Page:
3. The method of claim 1 where said energy efficient method selects the said non-calling unconditioned and unoccupied said zone that has the largest heat exchange with occupied said zones, and if none are found, selects the said non-calling unconditioned and unoccupied said zone that has the largest said heat exchange with said zones receiving said conditioning.
4. The method of claim 1 where said comfort method selects the said non-calling unconditioned and occupied zone that is nearest the condition for making said call.
5. In a control system for forced air HVAC systems, said HVAC system having a source of conditioned airflow of certain amount, said control system controlling said source, said control system having a plurality of control zones, each said zone capable of receiving a portion of said source under control of said control system, each said zone capable of calling for conditioning, said control system sending said portion to each calling zone while said calling continues, said control system capable of selecting non-calling zones to receive excess of said conditioned airflow not sent to said calling zones such that the sum of said portions sent to said calling zones and said portions sent to said non-calling zones is equal to or greater than said certain amount, an energy efficient method for selecting said non-calling zones to receive said excess comprising:
a. providing a conditioning limit for each said zone;
b. determining the occupancy each said zone;
c. providing a heat flow coefficient between an occupied said zone and an unoccupied said zone;
d. providing a comfort method for selecting a non-calling unconditioned and occupied said zone within said conditioning limit for receiving said excess;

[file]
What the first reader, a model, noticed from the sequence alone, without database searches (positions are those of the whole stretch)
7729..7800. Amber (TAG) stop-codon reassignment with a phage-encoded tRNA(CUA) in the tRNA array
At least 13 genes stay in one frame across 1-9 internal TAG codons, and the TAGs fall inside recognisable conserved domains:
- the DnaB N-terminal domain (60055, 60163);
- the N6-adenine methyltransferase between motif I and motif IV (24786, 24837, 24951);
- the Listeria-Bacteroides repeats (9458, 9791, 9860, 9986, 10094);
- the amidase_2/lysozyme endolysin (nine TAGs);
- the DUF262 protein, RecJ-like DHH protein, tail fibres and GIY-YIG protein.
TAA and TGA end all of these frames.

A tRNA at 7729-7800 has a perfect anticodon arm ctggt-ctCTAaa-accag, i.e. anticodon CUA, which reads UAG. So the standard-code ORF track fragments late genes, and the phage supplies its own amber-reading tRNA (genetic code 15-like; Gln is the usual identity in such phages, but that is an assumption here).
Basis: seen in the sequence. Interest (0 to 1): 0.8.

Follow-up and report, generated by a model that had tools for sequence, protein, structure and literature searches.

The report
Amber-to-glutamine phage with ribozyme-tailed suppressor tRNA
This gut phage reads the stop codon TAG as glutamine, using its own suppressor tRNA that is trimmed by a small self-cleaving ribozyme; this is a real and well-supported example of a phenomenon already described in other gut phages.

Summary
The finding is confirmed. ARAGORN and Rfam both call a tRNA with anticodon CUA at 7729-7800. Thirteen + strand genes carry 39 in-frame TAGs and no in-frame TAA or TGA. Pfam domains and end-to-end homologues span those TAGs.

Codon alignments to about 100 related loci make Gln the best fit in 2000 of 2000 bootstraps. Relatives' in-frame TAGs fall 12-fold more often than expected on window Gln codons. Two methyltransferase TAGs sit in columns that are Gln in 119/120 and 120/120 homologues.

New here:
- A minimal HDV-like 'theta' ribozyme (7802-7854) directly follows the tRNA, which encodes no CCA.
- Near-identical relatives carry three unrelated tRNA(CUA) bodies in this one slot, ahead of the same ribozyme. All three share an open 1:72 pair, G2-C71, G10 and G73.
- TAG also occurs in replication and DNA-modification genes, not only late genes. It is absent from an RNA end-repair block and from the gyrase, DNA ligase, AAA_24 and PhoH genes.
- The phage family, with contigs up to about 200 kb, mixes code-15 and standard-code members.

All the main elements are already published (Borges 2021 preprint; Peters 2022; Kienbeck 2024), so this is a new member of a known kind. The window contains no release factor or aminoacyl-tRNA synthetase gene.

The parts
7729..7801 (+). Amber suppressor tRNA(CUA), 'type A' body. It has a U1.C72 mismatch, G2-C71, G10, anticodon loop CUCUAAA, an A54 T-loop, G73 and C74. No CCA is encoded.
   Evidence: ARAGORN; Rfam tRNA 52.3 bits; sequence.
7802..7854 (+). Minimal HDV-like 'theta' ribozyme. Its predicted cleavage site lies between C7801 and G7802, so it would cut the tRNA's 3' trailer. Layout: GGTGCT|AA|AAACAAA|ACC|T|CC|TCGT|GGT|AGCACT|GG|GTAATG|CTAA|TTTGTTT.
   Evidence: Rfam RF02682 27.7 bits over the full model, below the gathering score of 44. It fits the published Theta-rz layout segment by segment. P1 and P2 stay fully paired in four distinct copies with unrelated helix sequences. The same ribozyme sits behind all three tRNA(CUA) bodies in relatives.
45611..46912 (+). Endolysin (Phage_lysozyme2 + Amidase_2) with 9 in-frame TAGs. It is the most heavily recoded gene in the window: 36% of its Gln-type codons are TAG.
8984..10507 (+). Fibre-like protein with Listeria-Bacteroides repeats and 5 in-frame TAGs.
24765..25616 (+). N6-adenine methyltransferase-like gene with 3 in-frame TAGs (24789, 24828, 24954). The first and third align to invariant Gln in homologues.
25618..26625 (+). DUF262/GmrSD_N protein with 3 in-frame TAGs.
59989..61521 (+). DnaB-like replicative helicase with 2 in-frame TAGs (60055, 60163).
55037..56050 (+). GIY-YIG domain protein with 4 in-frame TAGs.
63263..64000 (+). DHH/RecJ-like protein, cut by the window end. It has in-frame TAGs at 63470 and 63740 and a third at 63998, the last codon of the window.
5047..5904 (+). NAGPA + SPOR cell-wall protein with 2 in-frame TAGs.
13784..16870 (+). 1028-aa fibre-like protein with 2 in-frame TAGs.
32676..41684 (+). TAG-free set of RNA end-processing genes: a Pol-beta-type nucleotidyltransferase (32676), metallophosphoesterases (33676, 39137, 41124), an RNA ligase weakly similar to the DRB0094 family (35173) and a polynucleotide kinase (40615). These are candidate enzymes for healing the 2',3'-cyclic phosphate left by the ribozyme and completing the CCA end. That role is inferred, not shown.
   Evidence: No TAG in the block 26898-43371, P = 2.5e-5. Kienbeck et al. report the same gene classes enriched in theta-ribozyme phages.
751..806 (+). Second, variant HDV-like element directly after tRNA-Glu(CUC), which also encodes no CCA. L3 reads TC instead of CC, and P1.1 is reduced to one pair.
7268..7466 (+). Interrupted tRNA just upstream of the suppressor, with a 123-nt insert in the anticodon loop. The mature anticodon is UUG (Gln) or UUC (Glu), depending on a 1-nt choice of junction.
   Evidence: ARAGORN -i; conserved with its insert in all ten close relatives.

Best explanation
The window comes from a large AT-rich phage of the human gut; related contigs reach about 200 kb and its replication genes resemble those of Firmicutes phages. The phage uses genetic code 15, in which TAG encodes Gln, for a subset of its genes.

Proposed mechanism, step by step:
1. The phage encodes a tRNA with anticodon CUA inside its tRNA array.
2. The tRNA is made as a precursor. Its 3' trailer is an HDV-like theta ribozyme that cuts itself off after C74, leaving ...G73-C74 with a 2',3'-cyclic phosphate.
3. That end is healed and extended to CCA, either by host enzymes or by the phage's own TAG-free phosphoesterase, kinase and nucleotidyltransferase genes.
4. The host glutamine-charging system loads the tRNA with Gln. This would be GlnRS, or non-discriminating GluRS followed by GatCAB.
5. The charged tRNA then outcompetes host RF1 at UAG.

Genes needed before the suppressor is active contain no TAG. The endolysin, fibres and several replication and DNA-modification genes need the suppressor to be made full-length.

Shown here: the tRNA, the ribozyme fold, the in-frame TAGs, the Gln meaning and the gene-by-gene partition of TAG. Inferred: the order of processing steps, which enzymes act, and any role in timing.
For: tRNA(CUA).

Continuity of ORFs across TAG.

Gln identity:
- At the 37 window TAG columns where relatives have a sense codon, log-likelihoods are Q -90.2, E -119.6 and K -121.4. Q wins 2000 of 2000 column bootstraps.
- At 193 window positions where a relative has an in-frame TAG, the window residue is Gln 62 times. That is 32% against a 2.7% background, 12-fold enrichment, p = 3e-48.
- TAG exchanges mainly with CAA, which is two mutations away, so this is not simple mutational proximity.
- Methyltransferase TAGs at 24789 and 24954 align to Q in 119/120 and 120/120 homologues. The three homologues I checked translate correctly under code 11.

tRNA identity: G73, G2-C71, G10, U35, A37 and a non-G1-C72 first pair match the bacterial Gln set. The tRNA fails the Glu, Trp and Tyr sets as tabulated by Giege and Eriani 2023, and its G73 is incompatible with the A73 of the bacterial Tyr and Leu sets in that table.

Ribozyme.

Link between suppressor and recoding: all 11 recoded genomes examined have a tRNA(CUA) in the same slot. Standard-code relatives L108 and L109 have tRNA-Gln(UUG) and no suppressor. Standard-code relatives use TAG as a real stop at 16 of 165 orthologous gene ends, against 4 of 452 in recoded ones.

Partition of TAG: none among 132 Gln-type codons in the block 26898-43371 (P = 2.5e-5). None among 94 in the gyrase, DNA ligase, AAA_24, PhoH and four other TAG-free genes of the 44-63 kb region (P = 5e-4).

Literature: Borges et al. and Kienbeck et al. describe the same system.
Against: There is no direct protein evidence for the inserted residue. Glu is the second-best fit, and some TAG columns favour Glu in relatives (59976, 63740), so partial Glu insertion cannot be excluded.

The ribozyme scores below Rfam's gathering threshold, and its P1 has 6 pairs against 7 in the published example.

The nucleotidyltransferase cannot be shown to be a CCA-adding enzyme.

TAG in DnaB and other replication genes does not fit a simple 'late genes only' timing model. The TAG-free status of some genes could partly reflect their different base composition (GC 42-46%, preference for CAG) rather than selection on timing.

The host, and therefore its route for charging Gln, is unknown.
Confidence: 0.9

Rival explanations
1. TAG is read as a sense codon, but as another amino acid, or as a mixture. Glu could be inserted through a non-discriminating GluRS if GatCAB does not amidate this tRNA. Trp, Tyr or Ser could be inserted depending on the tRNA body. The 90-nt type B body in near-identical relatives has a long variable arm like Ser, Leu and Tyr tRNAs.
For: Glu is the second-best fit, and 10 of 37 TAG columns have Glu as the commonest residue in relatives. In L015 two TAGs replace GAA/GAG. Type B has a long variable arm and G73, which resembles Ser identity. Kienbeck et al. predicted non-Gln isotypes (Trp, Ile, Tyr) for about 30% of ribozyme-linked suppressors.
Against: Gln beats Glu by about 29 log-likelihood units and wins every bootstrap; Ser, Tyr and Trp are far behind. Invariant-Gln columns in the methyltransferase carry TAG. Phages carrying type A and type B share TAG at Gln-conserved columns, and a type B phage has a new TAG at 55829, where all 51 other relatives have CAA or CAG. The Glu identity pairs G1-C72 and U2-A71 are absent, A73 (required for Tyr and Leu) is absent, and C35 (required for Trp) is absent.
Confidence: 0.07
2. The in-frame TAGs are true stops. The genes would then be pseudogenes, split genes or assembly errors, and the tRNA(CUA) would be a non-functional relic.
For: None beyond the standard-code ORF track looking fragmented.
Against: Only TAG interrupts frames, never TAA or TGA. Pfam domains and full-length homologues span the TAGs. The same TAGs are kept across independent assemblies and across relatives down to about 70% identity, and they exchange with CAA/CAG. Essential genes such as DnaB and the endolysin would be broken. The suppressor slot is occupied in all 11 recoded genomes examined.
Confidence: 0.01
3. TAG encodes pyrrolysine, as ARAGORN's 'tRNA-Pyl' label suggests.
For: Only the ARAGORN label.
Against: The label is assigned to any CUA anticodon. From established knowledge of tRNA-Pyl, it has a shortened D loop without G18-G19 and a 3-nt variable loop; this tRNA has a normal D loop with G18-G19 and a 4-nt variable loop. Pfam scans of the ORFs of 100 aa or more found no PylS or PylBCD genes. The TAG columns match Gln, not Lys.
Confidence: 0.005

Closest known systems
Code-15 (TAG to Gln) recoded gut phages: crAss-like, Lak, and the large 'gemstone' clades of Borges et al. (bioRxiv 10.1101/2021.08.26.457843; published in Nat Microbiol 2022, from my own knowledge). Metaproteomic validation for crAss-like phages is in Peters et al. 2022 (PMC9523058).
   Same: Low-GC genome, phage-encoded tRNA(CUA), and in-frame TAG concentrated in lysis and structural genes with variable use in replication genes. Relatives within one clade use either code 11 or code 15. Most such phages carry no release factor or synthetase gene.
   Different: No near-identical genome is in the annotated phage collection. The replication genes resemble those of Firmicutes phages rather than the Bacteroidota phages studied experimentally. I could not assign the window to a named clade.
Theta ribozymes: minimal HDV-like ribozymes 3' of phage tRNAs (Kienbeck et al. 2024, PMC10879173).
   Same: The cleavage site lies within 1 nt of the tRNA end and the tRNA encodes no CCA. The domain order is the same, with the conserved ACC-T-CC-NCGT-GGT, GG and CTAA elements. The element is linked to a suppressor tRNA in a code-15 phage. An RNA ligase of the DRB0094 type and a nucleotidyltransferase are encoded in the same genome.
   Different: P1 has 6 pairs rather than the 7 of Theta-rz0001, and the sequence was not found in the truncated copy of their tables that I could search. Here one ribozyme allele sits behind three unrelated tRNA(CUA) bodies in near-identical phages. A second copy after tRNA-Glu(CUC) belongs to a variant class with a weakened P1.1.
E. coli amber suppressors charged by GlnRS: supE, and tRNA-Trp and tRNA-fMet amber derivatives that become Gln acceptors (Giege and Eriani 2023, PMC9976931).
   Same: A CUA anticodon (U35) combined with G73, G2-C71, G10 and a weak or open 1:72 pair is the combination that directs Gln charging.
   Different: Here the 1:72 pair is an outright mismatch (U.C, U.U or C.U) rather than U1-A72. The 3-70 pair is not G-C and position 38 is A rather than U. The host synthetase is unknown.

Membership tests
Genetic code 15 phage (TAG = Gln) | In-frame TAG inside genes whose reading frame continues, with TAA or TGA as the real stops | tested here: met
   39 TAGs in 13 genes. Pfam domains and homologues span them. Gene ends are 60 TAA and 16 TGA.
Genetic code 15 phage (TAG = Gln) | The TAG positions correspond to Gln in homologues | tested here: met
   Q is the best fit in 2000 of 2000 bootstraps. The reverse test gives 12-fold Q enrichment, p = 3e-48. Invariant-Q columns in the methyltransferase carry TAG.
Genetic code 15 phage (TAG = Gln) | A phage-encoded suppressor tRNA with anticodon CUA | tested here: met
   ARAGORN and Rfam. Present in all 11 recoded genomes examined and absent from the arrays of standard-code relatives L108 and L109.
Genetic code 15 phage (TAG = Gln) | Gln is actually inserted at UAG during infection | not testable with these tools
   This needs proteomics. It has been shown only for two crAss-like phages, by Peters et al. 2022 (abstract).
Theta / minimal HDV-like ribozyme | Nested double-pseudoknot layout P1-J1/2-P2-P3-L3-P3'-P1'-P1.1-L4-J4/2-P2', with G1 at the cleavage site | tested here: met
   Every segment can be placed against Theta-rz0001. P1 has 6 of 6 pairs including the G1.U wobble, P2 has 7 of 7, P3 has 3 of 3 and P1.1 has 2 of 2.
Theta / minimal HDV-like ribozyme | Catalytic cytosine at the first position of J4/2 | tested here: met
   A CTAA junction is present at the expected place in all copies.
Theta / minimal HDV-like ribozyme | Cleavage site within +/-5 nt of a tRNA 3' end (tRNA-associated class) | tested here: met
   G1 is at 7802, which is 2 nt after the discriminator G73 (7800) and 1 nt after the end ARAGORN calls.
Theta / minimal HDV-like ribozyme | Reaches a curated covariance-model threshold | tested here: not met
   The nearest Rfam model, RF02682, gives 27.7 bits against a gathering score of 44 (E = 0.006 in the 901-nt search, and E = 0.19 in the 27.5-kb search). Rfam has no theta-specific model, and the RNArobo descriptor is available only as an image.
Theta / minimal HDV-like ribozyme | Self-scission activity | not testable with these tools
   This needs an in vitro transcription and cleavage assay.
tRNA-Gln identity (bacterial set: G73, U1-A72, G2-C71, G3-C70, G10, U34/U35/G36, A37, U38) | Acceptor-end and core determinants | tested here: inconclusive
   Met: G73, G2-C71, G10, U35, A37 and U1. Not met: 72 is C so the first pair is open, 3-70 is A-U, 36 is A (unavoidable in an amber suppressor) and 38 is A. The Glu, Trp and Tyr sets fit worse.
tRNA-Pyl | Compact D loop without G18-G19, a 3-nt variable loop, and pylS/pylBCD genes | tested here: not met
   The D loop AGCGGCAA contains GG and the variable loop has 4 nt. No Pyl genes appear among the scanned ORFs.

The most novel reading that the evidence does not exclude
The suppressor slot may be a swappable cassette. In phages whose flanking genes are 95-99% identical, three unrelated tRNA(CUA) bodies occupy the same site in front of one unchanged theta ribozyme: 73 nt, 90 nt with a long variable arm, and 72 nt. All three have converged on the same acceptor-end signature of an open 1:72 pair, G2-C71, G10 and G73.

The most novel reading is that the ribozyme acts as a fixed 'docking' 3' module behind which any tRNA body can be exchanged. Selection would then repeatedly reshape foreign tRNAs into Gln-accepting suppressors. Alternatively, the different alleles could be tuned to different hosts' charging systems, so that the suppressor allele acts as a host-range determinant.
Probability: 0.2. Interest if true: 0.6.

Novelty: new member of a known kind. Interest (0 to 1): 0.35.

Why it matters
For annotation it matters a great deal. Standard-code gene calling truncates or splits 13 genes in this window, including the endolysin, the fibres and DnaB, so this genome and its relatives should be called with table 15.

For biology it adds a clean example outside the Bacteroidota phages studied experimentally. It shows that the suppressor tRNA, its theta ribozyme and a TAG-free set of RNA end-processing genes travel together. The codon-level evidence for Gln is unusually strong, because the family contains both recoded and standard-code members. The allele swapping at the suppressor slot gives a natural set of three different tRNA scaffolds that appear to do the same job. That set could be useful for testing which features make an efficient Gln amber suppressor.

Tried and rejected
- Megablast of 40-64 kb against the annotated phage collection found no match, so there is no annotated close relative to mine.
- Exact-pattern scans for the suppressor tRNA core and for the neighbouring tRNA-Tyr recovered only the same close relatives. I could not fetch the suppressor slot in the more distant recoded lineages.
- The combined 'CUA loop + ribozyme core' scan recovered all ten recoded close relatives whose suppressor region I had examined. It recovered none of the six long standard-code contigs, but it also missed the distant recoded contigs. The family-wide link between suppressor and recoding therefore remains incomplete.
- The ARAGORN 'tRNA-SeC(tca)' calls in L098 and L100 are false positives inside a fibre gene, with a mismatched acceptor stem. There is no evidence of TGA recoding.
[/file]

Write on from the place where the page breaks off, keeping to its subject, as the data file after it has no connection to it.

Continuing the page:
e. providing an energy efficient method for selecting a non-calling unconditioned and unoccupied said zone within said conditioning limit for receiving said excess.
6. The method of claim 5 where said energy efficient method selects the said non-calling unconditioned and unoccupied said zone that has the largest heat exchange with occupied said zones.
7. The method of claim 5 where said energy efficient method selects the said non-calling unconditioned and unoccupied said zone that has the largest heat exchange with occupied said zones, and if none are found, selects the said non-calling unconditioned and unoccupied said zone that has the largest said heat exchange with said zones receiving said conditioning.
8. The method of claim 5 where said comfort method selects the said non-calling unconditioned and occupied zone that is nearest the condition for making said call.
Description
BACKGROUND OF THE INVENTION

1. Technical Field of the Invention

This invention relates generally to multi-zone forced-air HVAC systems, and specifically to control methods for reducing conditioning and energy consumption.

2. Background Art